Addressing the “real parties in interest” requirement and claim construction issues in an inter partes review (IPR), the Patent Trial and Appeal Board (PTAB) sanctioned the petitioner for failing to disclose a corporate merger that occurred during the trial, and clarified that while the Phillips district court standard is used to construe the claims of an expired patent in an IPR proceeding, those claims do not receive the presumption of validity under § 282. Atlanta Gas Light Co. v. Bennett Regulator Guards, Inc., Case No. IPR2015-00826 (PTAB, Dec. 6, 2016) (Boucher, APJ).
In a final written decision, the PTAB found all claims of Bennett Regulator’s patent to be unpatentable. Bennett Regulator requested rehearing and also sought sanctions against the petitioner, Atlanta Gas Light. According to the patent owner, because the petitioner had failed to alert the PTAB to a real party-in-interest resulting from a corporate merger occurring prior to issuance of the final written decision, the final written decision should be expunged and the petition dismissed with prejudice. The PTAB had terminated the same petitioner’s earlier IPR against the same challenged patent for failure to list all real parties-in-interest in the petition for that proceeding, in particular a corporate parent. In this case, the petitioner admitted merging with a subsidiary of The Southern Company but argued that The Southern Company is not a real party in interest because “it is an entirely separate corporate entity and has not controlled, funded, or had the opportunity to control or fund this IPR.” The PTAB disagreed, finding that the merger has meaningful effects that impose an obligation on the petitioner to apprise the PTAB of the merger. The PTAB also underscored the central nature of the petitioner’s corporate parent in the dismissal of the first IPR, ultimately deciding that sanctions, in the form of fees and costs subsequent to the final written decision, were warranted. However, the PTAB determined that expungement of the final written decision was not warranted because the petitioner’s failure had not harmed the patent owner.
In arguing for rehearing, the patent owner relied on Innolux Corp. (a non-precedential institution decision that issued soon after inception of the America Invents Act) for the proposition that, in an IPR, claims of an expired patent “are to be construed to preserve validity in the case of ambiguity.” The PTAB looked to the Federal Circuit’s 1985 explanation in In re Etter (en banc) that the district court presumption of validity, rooted in § 282, was inapposite for inter partes reexamination proceedings before the US Patent and Trademark Office (PTO). In Etter, the Federal Circuit explained that the idea that § 282 presumption must be applied to PTO proceedings “misconstrues the purposes for which that statute [was] enacted.” The PTAB next considered the Supreme Court of the United States’ analysis in Cuozzo (IP Update, Vol. 19, No. 7), in particular the statement that “[a]lthough Congress changed the name from ‘reexamination’ to ‘review,’ nothing convinces us that, in doing so, Congress wanted to change its basic purposes, namely, to reexamine an earlier agency decision.” The PTAB reasoned that because the Supreme Court had endorsed the broadest reasonable interpretation for unexpired patents, it logically followed that “the [PTO]’s use, in reexamination proceedings, of a claim construction standard similar to that used by district courts, but without the presumption of validity, applies to inter partes review proceedings.”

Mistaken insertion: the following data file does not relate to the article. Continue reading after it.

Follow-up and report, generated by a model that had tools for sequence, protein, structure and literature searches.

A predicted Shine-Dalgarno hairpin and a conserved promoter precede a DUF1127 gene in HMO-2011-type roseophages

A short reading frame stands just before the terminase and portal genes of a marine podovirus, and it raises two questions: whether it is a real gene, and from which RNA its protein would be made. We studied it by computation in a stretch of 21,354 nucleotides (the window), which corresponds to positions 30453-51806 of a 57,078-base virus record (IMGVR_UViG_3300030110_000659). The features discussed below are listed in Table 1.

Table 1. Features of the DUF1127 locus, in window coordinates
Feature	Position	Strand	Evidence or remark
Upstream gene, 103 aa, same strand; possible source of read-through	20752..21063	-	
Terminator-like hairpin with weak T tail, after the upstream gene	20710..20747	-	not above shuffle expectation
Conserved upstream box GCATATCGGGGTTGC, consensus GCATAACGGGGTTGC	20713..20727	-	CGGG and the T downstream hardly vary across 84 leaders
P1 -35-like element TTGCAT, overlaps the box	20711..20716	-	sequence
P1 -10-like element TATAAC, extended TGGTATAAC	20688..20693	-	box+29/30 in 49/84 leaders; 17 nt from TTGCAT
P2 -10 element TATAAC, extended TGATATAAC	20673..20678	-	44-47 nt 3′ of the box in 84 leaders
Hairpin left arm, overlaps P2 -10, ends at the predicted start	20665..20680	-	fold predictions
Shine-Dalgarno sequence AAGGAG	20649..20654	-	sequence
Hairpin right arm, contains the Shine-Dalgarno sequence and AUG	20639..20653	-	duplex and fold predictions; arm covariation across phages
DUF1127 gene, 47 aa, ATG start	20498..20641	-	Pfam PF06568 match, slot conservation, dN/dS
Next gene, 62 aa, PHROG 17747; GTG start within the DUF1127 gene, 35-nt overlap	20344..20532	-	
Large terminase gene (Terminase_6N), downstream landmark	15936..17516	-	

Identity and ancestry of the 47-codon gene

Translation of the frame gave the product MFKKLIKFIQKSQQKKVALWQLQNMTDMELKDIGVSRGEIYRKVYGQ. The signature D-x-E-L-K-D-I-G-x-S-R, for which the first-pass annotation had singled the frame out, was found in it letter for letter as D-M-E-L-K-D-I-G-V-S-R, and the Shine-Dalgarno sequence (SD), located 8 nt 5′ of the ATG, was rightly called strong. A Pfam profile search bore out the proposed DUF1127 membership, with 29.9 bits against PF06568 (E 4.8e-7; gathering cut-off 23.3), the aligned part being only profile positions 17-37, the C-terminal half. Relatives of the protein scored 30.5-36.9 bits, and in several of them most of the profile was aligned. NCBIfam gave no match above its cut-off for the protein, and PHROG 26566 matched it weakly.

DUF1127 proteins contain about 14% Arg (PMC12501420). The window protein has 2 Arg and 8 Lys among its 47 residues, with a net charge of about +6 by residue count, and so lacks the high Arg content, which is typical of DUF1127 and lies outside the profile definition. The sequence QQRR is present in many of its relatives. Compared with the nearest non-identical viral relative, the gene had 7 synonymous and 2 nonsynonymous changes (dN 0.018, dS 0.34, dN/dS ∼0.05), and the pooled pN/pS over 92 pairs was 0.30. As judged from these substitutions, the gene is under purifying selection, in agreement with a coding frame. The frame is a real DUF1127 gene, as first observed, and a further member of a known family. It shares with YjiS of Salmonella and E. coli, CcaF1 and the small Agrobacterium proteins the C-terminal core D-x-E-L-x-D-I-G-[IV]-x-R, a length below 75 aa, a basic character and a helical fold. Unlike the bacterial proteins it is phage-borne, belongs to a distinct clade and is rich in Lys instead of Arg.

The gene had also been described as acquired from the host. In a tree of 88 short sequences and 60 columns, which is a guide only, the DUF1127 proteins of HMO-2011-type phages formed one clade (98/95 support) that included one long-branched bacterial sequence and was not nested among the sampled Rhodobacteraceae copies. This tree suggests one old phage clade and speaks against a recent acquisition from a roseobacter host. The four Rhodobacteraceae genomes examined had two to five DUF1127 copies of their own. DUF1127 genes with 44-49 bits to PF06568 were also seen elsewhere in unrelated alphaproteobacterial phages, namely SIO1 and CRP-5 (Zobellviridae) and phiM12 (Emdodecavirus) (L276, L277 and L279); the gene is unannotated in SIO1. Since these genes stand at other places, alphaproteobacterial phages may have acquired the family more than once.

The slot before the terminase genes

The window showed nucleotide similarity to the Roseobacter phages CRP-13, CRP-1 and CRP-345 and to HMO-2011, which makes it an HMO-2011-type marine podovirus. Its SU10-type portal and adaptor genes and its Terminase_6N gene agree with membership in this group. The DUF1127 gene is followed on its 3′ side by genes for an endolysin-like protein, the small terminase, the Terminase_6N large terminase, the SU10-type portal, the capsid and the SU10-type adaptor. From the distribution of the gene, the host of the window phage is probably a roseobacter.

Regarding the proposed claim constructions, the PTAB observed that the patent owner sought to read in limitations not expressly recited in the claims. According to the PTAB, it is one thing to read a claim in light of the specification in order to interpret limitations explicitly recited in the claim, but it is quite a different thing to narrow the scope of the claim by reading in limitations from the specification that have no express basis in the claim.
Practice Note: The patent owner relied on a non-precedential institution decision from one of the earliest IPR trials for its contention that the presumption of validity applies for expired patents in IPR trials. Multiple later PTAB decisions, e.g., Square, Inc. v. eCharge Licensing LLC, have explained that the presumption of validity does not apply in IPR proceedings.